Right job, wrong time

I rather like Tristram Hunt, who started contributing to the New Statesman during my editorship. He may be the son of a life peer and a protégé of Peter Mandelson, but he is an all-too-rare example of a politician with a hinterland, having written a biography of Engels and a study of the English Civil War and presented successful TV documentaries. In a parallel universe, he could have made an inspirational Labour leader,
a more thoughtful and trustworthy version of Tony Blair.

No doubt, having resigned his Stoke-on-Trent Central seat, he will make a success of his new job as director of the Victoria and Albert Museum. If nothing else, he will learn a little about the arts of management and leadership. But isn’t this the wrong way round? Wouldn’t it be better if people first ran museums or other cultural and public institutions and then carried such experience into parliament and government?

 

Pointless palace

When the Palace of Westminster was largely destroyed by fire in 1834, thousands gathered to enjoy the spectacle. Thomas Carlyle noted that the crowd “whew’d and whistled when the breeze came as if to encourage it” and that “a man sorry I did not anywhere see”.

Now, with MPs reportedly refusing to move out to allow vital renovation work from 2023, we can expect a repeat performance. Given the unpopularity of politicians, public enthusiasm may be even greater than it was two centuries ago. Yet what is going through MPs’ minds is anyone’s guess. Since Theresa May refuses them a vote on Brexit, prefers the Foreign Office’s Lancaster House as the location to deliver her most important speech to date and intends to amend or replace Brussels-originated laws with ministerial orders under “Henry VIII powers”, perhaps they have concluded that there’s no longer much point to the place.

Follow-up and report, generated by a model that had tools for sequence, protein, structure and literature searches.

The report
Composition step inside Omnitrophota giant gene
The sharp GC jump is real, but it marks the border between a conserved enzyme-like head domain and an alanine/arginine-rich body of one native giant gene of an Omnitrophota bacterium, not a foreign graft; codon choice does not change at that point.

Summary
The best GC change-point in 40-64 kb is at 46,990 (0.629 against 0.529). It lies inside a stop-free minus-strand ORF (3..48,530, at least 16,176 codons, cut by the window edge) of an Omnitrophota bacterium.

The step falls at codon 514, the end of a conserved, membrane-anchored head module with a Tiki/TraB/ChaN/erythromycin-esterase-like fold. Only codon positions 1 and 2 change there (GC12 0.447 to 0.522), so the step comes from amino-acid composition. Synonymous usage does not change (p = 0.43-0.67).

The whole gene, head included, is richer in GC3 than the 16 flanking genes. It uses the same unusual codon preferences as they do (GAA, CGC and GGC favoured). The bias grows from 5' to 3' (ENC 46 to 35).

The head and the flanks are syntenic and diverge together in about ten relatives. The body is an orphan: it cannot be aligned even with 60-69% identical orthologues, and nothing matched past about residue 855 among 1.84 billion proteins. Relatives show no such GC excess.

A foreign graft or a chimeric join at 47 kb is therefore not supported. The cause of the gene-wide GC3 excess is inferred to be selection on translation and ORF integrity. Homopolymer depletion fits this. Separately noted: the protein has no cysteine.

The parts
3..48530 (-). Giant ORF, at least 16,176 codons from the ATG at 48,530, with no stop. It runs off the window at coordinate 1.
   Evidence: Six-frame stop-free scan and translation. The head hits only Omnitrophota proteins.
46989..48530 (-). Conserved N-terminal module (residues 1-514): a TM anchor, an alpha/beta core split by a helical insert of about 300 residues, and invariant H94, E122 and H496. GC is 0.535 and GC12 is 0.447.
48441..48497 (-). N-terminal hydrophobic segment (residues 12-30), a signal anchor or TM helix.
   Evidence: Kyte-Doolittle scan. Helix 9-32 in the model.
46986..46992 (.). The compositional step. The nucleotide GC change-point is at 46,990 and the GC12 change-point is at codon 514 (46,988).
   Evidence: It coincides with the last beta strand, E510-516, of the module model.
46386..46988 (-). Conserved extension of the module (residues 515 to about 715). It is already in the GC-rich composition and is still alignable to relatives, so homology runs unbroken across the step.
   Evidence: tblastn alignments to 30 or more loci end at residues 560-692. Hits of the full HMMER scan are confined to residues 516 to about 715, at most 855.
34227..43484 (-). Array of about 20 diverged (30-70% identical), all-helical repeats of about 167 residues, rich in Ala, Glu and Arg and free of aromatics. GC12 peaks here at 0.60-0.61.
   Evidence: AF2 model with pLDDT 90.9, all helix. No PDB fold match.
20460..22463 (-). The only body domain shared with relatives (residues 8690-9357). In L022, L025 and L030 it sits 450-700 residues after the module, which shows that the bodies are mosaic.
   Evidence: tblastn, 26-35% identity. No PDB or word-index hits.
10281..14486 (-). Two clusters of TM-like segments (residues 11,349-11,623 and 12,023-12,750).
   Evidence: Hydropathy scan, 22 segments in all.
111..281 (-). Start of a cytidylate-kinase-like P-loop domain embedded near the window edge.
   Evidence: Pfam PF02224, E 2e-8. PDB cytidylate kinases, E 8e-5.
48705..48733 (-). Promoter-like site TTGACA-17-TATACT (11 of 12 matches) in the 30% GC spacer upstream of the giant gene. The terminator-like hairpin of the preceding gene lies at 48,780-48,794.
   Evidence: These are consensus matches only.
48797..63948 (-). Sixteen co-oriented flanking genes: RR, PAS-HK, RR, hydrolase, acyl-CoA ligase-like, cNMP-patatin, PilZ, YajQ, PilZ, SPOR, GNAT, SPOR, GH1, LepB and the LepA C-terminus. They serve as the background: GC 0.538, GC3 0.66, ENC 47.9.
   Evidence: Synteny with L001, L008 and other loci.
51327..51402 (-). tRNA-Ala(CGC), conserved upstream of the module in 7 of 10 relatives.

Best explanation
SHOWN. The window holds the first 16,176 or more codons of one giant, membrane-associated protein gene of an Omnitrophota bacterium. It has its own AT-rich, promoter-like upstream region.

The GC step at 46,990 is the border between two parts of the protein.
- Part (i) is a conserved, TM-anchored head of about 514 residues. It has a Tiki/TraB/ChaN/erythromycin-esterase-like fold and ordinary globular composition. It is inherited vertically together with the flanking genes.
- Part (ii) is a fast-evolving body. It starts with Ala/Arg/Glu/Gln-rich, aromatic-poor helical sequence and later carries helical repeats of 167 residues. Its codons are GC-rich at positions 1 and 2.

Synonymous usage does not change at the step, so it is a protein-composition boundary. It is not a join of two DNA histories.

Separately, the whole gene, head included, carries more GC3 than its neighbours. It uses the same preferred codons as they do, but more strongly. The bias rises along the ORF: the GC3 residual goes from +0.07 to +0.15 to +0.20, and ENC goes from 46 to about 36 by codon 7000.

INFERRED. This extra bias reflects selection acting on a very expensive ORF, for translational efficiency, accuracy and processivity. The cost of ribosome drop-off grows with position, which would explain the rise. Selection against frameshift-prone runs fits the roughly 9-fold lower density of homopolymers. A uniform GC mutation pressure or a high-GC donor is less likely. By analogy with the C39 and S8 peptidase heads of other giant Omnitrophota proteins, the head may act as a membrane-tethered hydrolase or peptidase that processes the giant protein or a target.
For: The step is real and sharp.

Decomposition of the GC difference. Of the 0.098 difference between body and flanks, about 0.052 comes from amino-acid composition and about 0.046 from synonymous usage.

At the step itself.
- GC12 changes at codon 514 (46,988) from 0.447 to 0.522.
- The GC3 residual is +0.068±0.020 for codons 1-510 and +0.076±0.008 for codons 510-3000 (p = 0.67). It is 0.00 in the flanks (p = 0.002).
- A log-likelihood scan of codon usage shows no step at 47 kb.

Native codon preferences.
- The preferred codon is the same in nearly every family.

As good as it gets

What a difference a year makes. In January 2016, supporters of Leicester City, my home-town team, were beginning to contemplate the unthinkable: that they could win football’s Premier League. Now, five places off the bottom, they contemplate the equally unthinkable idea of relegation.

With the exception of one player, N’Golo Kanté (now at Chelsea), the team is identical to last season’s. So how can this be? The sophisticated, mathematical answer is “regression to the mean”. In a league where money, wages and performance are usually linked rigidly, a team that does much better than you’d predict one season is likely to do much worse the next. I’d suggest something else, though. For those who won last season’s title against such overwhelming odds, life can never be as good again. Anything short of winning the Champions League (in which Leicester have so far flourished) would seem an anti­climax. In the same way, the England cricket team that won the Ashes in 2005 – after the Australians had dominated for 16 years – fell apart almost as soon as its Trafalgar Square parade was over. Beating other international teams wouldn’t have delivered the same adrenalin surge.

Peter Wilby was editor of the Independent on Sunday from 1995 to 1996 and of the New Statesman from 1998 to 2005. He writes the weekly First Thoughts column for the NS.

This article first appeared in the 19 January 2017 issue of the New Statesman, The Trump era